Coastal Elites

By Joanna Langfield

I owe Paul Rudnick an apology. While I was complaining he wasn’t posting his gloriously acerbic tweets enough, he was shaping this series of monologues about life as it is now, reminding us with a poignant hilarity, we are not alone.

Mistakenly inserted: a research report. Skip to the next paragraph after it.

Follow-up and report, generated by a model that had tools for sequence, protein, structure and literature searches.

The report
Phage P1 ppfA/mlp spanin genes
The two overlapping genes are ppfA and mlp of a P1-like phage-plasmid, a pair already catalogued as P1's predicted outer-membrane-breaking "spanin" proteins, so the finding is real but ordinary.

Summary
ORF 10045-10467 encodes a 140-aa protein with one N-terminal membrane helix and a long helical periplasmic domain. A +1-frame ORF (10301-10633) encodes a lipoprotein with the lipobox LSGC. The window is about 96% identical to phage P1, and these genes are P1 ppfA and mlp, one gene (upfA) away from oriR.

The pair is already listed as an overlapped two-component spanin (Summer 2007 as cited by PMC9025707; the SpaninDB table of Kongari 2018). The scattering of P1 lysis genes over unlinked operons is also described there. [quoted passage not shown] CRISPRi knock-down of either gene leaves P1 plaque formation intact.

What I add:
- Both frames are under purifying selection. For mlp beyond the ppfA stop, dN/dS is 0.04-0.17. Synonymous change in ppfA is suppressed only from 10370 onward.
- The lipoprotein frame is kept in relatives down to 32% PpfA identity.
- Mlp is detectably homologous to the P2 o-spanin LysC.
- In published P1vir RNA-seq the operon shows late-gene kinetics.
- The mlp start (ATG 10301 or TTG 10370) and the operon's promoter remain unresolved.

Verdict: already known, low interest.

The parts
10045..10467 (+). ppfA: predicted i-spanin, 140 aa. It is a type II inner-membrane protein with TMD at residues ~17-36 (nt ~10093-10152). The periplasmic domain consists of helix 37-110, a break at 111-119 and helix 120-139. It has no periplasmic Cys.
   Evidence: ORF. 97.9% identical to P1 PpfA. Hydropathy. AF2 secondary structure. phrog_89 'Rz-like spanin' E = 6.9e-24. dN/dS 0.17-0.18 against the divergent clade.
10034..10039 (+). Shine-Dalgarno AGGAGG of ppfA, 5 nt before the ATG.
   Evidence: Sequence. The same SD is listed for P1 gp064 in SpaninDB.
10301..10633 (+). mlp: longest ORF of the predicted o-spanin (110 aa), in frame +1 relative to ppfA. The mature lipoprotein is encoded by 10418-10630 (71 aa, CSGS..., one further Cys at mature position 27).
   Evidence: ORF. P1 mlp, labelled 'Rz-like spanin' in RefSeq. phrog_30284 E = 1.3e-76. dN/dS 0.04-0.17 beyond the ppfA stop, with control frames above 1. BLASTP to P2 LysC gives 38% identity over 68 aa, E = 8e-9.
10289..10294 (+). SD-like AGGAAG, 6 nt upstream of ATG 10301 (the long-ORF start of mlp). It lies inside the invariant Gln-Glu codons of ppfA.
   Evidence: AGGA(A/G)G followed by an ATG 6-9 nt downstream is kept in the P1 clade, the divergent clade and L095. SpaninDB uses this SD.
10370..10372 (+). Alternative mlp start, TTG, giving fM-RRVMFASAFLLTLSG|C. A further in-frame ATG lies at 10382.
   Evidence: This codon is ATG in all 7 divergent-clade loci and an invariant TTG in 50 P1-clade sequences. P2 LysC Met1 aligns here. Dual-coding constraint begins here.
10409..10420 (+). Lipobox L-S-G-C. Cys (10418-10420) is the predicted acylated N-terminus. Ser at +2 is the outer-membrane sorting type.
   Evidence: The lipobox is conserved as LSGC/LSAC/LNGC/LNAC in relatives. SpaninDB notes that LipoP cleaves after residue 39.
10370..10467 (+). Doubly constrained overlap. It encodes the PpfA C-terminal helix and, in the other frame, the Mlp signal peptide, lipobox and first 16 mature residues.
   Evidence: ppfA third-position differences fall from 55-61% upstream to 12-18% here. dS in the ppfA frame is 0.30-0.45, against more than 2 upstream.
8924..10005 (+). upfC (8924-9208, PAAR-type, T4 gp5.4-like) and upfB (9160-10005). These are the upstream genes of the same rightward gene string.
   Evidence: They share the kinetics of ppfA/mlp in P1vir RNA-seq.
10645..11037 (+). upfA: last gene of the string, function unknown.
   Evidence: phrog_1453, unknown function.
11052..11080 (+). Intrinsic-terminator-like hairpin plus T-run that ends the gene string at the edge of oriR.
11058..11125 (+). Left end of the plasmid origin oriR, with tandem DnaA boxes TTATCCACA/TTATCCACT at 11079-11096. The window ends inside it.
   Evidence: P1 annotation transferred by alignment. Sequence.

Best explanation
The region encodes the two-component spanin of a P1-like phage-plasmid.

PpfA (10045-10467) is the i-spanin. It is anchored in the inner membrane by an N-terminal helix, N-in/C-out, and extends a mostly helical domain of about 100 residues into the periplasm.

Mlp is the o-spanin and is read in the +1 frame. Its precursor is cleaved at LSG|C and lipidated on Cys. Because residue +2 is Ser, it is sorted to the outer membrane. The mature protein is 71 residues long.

What started as a series of theater pieces has transformed, under Jay Roach’s direction, into a theater piece a la Covid, in other words, a play shot to look as if it’s been Facetimed, with a handful of terrific actors telling us their stories, by themselves, in their rooms. We begin with Bette Midler, who brings us a New York City Jewish woman, brimming with life and anger toward a man wearing a certain red hat. Hers is the anchor piece and it’s pretty relatable, especially if you follow Midler’s Twitter page, although here, and I’m sure she’d agree, the writing is sharper. Sarah Paulson and Dan Levy handle less vivid but eventually touching pieces, relating to divided families and superheroes getting real in Hollywood. Issa Rae’s turn, as a former boarding school classmate of Ivanka Trump’s, is, perhaps the most surprising and openhearted, but Kaitlyn Dever’s exhausted nurse, trying to care for Covid patients in a big New York City hospital, is compassionate and had me, for several reasons, in tears.